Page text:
It is, perhaps, one of the strangest looking Christmas trees in San Francisco.
At the seventh floor of the San Francisco Municipal Transportation Agency, past banks of cubicles stands a white plastic tree not more than 2 feet tall. No, it isn’t festooned with the customary colored orbs, or even Star Wars ornaments.
There are no hanging reindeer, no angels, and no grinning St. Nick.
In lieu of tinsel, the tree is wrapped in torn cable-car copper wiring. Instead of multi-colored lights, blue “emergency” markers blink festively.
For John Haley, director of transit operations at the San Francisco Municipal Transportation Agency, it’s a tree with meaning.
For many years since he’s been at the SFMTA, he’s decorated a similar tree for its workers.
First off, it’s a “holiday tree,” Haley said, by way of correction. Through his thick Massachusetts accent, he explained, “We take this out to remind everyone of the successes of our workforce.”
The headlines flash every month, many in this newspaper: Cable cars knocked out by rain, trains delayed at Powell Street station. But during the holidays, Haley likes to recall the moments when Muni engineers overcame mounting technical hurdles to get San Franciscans where they need to go.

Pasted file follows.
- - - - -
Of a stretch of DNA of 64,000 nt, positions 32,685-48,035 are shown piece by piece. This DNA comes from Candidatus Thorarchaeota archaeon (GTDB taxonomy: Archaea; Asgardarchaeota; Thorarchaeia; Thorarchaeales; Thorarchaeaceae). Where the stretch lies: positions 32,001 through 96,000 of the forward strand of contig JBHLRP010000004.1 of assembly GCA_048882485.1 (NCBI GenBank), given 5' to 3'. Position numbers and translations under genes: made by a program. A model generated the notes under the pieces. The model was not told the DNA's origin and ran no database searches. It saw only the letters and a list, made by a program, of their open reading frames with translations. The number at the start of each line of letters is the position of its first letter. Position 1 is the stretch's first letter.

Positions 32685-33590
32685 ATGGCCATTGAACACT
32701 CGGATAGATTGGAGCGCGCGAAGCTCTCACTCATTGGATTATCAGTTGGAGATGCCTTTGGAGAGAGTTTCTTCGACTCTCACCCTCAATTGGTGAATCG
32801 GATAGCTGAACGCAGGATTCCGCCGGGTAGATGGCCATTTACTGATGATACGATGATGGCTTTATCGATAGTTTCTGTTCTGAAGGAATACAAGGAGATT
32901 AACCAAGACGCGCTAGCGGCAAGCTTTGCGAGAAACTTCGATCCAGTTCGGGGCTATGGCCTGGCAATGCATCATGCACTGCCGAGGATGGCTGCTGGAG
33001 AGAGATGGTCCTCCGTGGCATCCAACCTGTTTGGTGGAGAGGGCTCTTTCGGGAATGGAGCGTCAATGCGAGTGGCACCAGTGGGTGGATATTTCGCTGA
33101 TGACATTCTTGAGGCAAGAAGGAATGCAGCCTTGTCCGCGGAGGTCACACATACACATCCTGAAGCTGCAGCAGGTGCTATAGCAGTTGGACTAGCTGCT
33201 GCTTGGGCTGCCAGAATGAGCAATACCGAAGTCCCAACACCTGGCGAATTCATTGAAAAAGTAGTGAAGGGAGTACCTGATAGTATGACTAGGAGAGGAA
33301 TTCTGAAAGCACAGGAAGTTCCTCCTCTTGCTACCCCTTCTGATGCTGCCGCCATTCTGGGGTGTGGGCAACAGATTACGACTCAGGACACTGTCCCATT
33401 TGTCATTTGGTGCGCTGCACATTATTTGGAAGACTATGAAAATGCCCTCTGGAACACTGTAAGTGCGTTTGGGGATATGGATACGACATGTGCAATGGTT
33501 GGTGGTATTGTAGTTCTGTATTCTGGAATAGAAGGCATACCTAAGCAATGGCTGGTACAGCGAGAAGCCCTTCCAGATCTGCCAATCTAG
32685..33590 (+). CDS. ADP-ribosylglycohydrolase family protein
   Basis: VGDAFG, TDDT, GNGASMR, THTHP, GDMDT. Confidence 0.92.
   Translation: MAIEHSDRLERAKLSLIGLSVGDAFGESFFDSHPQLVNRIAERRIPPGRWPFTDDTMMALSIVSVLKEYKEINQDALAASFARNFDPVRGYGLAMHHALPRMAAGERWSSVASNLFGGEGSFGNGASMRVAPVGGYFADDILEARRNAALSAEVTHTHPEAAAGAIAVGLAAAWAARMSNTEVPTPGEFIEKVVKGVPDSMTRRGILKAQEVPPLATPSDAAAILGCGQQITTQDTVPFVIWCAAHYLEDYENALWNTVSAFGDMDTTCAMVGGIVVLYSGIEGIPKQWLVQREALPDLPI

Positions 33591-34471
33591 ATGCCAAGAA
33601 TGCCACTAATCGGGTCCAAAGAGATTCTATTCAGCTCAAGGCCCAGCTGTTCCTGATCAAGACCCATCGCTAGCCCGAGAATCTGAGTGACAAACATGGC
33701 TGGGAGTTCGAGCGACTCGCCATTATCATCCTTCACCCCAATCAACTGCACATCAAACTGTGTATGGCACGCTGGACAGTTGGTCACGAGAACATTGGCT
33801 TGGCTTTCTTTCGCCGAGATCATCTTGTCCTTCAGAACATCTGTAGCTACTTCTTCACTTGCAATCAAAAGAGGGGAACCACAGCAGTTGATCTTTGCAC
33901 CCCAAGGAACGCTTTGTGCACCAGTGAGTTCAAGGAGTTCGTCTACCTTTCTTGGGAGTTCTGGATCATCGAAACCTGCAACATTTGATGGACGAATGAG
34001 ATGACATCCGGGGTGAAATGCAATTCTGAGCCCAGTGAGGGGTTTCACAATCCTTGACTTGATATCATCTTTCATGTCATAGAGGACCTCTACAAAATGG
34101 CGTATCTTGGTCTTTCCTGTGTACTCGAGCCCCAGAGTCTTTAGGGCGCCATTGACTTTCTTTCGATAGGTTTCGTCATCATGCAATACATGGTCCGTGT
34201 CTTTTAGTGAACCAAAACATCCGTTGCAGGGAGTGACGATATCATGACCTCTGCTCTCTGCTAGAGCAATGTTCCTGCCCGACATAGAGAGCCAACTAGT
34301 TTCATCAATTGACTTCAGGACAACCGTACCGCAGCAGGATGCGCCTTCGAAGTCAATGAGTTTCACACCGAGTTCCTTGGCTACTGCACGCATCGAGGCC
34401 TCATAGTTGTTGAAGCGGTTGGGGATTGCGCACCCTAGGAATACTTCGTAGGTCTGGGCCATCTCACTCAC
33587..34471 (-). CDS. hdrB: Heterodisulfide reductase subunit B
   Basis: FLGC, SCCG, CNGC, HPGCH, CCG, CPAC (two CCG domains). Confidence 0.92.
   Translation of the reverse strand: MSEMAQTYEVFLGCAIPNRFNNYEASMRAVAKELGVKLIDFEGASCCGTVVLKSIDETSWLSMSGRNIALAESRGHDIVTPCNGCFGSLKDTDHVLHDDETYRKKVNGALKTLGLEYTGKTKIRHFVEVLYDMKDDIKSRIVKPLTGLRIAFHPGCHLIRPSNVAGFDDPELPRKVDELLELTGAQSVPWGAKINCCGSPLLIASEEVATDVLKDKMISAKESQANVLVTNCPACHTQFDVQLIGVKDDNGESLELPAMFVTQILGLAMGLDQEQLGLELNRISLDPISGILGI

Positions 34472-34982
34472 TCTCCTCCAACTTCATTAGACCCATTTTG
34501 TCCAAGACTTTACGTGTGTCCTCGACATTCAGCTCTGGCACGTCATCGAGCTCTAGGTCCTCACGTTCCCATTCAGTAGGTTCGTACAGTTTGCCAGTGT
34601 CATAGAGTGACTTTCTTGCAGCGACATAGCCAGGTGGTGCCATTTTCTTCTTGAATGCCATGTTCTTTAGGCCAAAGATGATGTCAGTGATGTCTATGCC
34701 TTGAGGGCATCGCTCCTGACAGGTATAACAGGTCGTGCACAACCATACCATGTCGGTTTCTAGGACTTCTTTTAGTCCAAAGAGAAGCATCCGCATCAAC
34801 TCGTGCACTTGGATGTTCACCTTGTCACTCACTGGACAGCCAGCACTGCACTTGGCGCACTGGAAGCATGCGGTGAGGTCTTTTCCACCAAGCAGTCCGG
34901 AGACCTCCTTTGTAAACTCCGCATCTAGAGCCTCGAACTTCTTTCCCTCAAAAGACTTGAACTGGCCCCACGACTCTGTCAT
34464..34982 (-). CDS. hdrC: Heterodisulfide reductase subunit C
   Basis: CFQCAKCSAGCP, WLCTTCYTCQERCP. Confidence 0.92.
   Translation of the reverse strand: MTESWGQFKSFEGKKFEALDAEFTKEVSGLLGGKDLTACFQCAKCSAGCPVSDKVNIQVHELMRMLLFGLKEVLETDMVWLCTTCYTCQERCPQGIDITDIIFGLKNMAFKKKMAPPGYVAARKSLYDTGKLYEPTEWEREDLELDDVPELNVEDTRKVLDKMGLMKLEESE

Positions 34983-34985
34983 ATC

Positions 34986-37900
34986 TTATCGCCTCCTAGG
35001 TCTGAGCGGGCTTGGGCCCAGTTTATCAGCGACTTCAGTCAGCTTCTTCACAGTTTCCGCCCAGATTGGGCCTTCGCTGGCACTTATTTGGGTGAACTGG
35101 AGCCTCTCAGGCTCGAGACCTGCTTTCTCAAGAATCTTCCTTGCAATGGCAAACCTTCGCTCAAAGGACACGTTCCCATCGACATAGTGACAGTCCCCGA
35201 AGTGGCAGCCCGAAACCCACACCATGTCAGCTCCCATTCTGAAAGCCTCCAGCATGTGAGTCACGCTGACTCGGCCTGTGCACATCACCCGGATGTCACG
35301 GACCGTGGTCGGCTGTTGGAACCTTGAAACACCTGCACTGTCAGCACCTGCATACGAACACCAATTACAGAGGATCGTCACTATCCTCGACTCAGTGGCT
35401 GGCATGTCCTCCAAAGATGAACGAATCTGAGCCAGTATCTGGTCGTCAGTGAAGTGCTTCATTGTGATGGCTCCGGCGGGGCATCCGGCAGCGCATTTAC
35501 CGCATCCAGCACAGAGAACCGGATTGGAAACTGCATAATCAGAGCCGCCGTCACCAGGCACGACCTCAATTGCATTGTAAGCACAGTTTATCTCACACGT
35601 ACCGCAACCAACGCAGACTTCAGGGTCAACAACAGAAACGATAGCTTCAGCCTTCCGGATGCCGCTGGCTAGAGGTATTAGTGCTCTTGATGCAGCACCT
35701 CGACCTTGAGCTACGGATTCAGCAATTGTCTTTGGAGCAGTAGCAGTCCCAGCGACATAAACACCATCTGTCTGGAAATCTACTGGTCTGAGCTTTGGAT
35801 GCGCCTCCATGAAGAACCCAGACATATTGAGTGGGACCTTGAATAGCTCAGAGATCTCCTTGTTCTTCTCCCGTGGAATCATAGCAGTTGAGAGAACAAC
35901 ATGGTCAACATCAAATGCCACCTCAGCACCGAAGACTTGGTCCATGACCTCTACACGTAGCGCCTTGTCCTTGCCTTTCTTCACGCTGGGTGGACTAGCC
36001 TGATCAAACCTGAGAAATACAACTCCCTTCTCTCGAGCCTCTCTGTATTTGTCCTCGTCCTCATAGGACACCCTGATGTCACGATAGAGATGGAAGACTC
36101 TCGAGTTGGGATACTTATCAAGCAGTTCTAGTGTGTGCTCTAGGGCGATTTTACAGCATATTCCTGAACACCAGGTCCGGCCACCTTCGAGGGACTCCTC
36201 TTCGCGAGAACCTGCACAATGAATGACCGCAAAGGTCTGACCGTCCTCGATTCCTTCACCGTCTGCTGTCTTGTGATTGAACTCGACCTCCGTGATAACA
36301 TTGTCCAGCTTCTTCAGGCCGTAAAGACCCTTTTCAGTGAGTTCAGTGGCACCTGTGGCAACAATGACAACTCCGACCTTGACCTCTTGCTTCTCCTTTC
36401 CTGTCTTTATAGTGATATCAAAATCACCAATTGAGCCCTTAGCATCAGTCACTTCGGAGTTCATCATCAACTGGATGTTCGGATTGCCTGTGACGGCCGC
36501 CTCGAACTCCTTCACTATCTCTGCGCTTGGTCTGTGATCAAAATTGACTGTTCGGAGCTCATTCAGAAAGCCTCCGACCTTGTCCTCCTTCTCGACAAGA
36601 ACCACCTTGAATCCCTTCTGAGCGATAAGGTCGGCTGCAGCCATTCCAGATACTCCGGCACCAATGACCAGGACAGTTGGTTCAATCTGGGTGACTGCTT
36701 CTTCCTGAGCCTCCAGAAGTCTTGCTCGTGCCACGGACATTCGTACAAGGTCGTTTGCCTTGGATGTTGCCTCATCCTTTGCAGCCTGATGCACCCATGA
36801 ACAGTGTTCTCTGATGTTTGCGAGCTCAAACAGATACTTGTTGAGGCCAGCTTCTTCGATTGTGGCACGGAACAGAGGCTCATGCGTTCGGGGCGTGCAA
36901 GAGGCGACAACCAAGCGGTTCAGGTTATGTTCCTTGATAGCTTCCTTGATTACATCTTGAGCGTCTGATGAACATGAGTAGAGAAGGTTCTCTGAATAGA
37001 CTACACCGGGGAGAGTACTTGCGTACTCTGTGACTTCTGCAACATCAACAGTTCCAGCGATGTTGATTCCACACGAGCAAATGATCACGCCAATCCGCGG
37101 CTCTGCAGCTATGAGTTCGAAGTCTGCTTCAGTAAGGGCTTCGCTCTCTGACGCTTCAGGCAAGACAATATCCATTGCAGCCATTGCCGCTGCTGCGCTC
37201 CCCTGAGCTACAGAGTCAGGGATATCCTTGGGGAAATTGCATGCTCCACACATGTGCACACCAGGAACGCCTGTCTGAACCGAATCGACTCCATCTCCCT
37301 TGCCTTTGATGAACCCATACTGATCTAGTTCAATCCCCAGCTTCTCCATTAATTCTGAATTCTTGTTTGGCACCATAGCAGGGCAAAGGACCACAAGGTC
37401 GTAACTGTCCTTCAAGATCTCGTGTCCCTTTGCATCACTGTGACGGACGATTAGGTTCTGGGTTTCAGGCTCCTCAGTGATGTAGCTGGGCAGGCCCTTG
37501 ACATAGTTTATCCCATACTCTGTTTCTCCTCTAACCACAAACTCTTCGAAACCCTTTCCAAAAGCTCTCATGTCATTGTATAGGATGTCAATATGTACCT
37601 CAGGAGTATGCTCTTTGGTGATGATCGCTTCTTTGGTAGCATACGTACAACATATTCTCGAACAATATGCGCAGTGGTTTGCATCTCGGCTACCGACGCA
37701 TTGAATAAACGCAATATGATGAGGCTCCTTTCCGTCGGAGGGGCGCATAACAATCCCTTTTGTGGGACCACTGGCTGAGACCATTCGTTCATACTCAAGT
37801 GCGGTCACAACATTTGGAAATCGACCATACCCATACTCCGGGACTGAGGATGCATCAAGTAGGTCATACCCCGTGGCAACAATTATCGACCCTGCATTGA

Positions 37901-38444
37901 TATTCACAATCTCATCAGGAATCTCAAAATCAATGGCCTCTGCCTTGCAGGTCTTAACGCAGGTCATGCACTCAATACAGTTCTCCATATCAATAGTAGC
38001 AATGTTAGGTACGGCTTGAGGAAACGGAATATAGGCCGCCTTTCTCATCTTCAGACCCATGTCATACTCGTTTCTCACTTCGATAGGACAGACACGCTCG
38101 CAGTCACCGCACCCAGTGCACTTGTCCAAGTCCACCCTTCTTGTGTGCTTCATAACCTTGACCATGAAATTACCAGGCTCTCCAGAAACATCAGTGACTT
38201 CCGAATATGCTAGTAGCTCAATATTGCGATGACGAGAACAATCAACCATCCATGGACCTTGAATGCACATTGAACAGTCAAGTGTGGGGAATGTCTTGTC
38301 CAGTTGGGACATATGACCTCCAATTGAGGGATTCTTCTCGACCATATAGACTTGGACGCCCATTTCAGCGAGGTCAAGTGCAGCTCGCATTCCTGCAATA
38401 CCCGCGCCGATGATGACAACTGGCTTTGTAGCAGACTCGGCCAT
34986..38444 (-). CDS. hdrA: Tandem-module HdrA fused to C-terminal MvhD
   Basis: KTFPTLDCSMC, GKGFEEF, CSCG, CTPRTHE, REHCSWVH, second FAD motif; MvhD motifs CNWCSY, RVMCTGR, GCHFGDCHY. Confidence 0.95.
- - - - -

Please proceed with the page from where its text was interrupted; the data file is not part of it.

Haley picks up a metal pipe from under the tree, a strange “present.” It’s a sander hose, he said, which runs underneath light rail vehicles. In 2010 they were the bane of Muni and its riders — the hoses would regularly tear at the wires of the automated train control system that lay on the tunnel tracks.
Trains stalled. Riders complained. Engineers were stumped.
The solution proved to be MacGyver-esque: plastic ties. They hold the sander hoses up, Haley said, and the cables were safe.
All of the tree’s decorations have a similar tale: Silver pins hanging from one branch ensure train doors don’t hang wide open, a burnt circuit board is like a “ghost of Christmas past” from an on-board train computer, and a sign reading “Out of Service” tops the tree.
There are too many tales for this small space. But just enough to remind Haley’s crew of those tense moments when the trains have stopped, the pressure is on, and the only way to move Muni’s fleet is an engineer’s best tool — ingenuity.